It is important to see that those saved from the nations who enter God's eternal kingdom (His new earth with its New Jerusalem) will enter by the grace of God through Jesus Christ - they are part of God's elect. Revelation 21:27 shows that their names are written in the Lamb's book of life. The fact that their names have been written in the Lamb's book of life since the foundation of the world (cf. Rev. 13:8; 17:8) shows that the salvation of the elect of the nations has been part of God's plan from the beginning. However, as I have mentioned, they apparently are not, and never will be, part of God's true Israel. (I don't expect to hear one complaint from the sheep because they aren't part of true Israel.) The study of Revelation chapters 20-22 that is available on this Christian article site will help substantiate the interpretation of Matt. 25:31-46 given here. Also see my paper titled, "More Regarding God's Salvation Plans for the Nations" and my papers on selected eschatological passages from the books of Psalms, Isaiah, and Jeremiah that are on my internet site (Google to Karl Kemp Teaching). Lengthy excerpts from the paper on Jeremiah are on this Christian article site.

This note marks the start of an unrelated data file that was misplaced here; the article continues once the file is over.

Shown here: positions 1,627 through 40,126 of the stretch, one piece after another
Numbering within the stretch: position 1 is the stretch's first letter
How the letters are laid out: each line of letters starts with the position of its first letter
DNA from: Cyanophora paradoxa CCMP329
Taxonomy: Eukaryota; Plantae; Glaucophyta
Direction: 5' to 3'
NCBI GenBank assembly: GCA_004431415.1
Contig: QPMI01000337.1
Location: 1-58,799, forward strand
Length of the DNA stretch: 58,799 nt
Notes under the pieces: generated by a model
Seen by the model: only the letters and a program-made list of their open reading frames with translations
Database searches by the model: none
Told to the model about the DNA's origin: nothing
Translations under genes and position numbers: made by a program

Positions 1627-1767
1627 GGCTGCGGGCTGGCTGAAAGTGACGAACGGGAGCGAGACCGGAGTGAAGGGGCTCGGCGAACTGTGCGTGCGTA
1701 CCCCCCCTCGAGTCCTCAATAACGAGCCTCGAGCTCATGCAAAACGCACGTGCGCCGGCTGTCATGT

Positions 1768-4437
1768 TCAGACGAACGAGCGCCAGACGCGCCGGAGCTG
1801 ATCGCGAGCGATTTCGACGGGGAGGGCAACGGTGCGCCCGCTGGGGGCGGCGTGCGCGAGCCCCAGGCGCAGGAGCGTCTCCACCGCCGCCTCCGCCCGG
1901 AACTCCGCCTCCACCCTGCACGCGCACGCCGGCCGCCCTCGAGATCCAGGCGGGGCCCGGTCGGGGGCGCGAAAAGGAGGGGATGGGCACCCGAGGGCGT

In my paper "More Regarding God's Salvation Plans for the Nations" we consider many other passages of Scripture (beyond Rev. 20:1-22:3) that will help substantiate the interpretation given here regarding the salvation of the nations. In that paper we'll also discuss some of the viewpoints that have existed throughout much of the history of the Christian church regarding the possibility of salvation of people who weren't believers in Old Testament days, or born-again Christians in New Testament days. Some of these viewpoints will help substantiate what I say here regarding the salvation of the nations. In our day there are many Christians, including many evangelicals (and the number is increasing), who believe many such persons will end up being saved by God's grace in Christ Jesus. These views deal, for the most part, with those who haven't been confronted, at least not adequately confronted, with the gospel.

SOME IMPORTANT COMMENTS REGARDING THIS INTERPRETATION OF GOD'S JUDGMENT OF THE NATIONS.